protected IEnumerable<TypeInfo> GetModels(ClassDeclarationSyntax controller)
{
  return MetadataProvider.GetModels(controller);
}
protected IEnumerable<ISymbol> GetProperties(IEnumerable<TypeInfo> models)
{
  return MetadataProvider.GetProperties(models);
}

Now that I have these methods added to the base class, I’m ready to extend the template to use them. Look at how the template changes in Figure 12.

Figure 12 Final Version of the Template

<#@ template debug="false" hostspecific="false" language="C#" inherits="AngularResourceServiceBase" #>
var app = angular.module("challenge", [ "ngResource"]);
<#
  var controllers = GetControllers();
  foreach(var controller in controllers)
  {
    var className = controller.Identifier.Text.Replace("Controller", "");
#>    app.facctory(<#=className #>Resource , function ($resource) {
      return $resource('<#=Url#>/<#=className#>',{<#=className#> : '@<#=className#>'},{
<#
    var models= GetModels(controller);
    var properties = GetProperties(models);
    foreach (var property in properties)
    {
#>
      <#=property.Name#> : "",
<#
    }
    var actions = GetActions(controller);
    foreach (var action in actions)
    {
#>
<#
      if (action == "query")
      {
#>      query : {
      method: "GET"

Running the Template

Because this is a Runtime template, I’m responsible for setting up the environment for running the template. Figure 13 shows the code needed to run the template.

Figure 13 Running a Runtime Text Template

private static void Main()
{
  var work = MSBuildWorkspace.Create();
  var solution = work.OpenSolutionAsync(Path to the Solution File).Result;
  var metadata = new RoslynDataProvider() {Workspace = work};
  var template = new AngularResourceService
  {
    MetadataProvider = metadata,
    Url = @"http://localhost:53595/"
  };
  var results = template.TransformText();
  var project = metadata.GetWebApiProject();
  var folders = new List<string>() { "Scripts" };
  var document = project.AddDocument("factories.js", results, folders)
    .WithSourceCodeKind(SourceCodeKind.Script)
    ;
  if (!work.TryApplyChanges(document.Project.Solution))
    Console.WriteLine("Failed to add the generated code to the project");
  Console.WriteLine(results);
  Console.ReadLine();
}

The class created when I save the template or run the custom tool can be instantiated directly and I can set or access any public properties or call any public methods from the base class. This is how the values for the properties are set. Calling the TransformText method will run the template and return the generated code as a string. The results variable will hold the generated code. The rest of the code deals with adding a new document to the project with the code that was generated.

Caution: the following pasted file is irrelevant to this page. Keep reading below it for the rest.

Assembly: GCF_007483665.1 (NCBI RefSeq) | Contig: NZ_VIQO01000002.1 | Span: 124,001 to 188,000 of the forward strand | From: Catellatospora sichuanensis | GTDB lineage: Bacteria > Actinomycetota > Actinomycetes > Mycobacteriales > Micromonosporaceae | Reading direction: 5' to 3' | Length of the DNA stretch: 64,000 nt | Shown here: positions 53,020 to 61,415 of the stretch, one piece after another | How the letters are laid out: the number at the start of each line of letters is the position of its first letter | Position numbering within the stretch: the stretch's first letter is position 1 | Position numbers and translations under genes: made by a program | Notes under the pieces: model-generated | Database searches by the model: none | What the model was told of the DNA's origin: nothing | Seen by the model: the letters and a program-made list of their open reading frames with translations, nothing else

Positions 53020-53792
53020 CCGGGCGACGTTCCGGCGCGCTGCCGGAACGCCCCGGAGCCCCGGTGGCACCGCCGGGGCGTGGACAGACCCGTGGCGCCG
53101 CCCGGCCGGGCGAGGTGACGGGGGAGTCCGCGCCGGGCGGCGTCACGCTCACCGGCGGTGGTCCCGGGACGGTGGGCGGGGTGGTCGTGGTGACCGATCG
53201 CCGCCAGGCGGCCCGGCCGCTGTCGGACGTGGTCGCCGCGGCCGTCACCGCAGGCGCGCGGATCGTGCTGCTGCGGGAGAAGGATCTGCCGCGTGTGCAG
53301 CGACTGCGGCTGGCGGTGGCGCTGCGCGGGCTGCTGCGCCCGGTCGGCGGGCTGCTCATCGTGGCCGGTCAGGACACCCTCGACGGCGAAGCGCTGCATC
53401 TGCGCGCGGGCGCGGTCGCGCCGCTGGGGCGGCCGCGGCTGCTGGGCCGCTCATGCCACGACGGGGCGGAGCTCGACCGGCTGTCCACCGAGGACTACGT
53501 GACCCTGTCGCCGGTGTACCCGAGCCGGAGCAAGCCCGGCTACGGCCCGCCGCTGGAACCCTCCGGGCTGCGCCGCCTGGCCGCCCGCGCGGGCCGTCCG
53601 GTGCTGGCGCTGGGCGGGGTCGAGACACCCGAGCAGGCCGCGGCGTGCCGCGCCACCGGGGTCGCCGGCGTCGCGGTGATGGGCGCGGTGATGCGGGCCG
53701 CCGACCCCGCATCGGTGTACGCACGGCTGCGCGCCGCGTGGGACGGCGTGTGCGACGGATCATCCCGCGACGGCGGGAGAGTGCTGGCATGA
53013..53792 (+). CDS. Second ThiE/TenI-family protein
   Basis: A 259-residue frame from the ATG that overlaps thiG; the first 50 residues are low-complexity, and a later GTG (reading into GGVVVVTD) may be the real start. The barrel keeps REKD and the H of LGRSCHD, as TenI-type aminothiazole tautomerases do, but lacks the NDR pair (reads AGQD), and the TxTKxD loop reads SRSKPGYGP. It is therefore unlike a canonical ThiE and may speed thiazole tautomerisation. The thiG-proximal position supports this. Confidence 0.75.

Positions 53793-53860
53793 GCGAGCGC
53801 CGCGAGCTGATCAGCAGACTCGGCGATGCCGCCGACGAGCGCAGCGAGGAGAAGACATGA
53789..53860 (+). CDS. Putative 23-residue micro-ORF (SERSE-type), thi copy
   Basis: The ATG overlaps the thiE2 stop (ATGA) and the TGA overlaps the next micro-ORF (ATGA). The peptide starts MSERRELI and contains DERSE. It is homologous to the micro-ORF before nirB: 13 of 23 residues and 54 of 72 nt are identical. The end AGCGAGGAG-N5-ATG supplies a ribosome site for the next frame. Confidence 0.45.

There’s a problem with this code, however. The call to AddDocuments successfully creates a document and places it in the scripts folder. When I call the TryApplyChanges, it returns successful. The problem comes when I look in the solution: There’s a factories file in the scripts folder. The problem is that instead of factories.js, it’s factories.cs. The AddDocument method isn’t configured to accept an extension. Regardless of the extension, the document will be added based on the type of project to which it’s added. This is by design.

Therefore, after the program runs and generates the JavaScript classes, the file will be in the scripts folder. All I have to do is change the extension from .cs to .js.

Wrapping Up

Most of the work done here centered on getting metadata with Roslyn. Regardless of how you plan to use this metadata, these same practices will come in useful. As for the T4 code, it’ll continue to be relevant in a variety of places. If you want to generate code for any language not supported by Roslyn, T4 is a great choice and easy to incorporate into your processes. This is good because you can use Roslyn to generate code for only C# and Visual Basic .NET while T4 lets you generate any type of text, which could be SQL, JavaScript, HTML, CSS, or even plain-old text.

It’s nice to generate code like these JavaScript classes because they’re tedious and error-prone. They also easily conform to a pattern. As much as is feasible, you want to follow that pattern as consistently as possible. Most important, the way you want that generated code to look is likely to change over time, especially for something new, as best practices are formed. If all you have to do is update a T4 template to change to the new “best way to do it,” you’re more likely to adhere to the emerging best practices; but if you have to modify large amounts of hand-­generated monotonous, tedious code, you’ll probably have multiple implementation as each iteration of the best practice was in vogue.


Nick Harrison is a software consultant living in Columbia, S.C., with his loving wife Tracy and daughter. He’s been developing full stack using .NET to create business solutions since 2002. Contact him on Twitter: @Neh123us, where he also announces his blog posts, published articles and speaking engagements.

Thanks to the following Microsoft technical expert for reviewing this article: James McCaffrey
Dr. James McCaffrey works for Microsoft Research in Redmond, Wash. He has worked on several Microsoft products including Internet Explorer and Bing. Dr. McCaffrey can be reached at jammc@microsoft.com.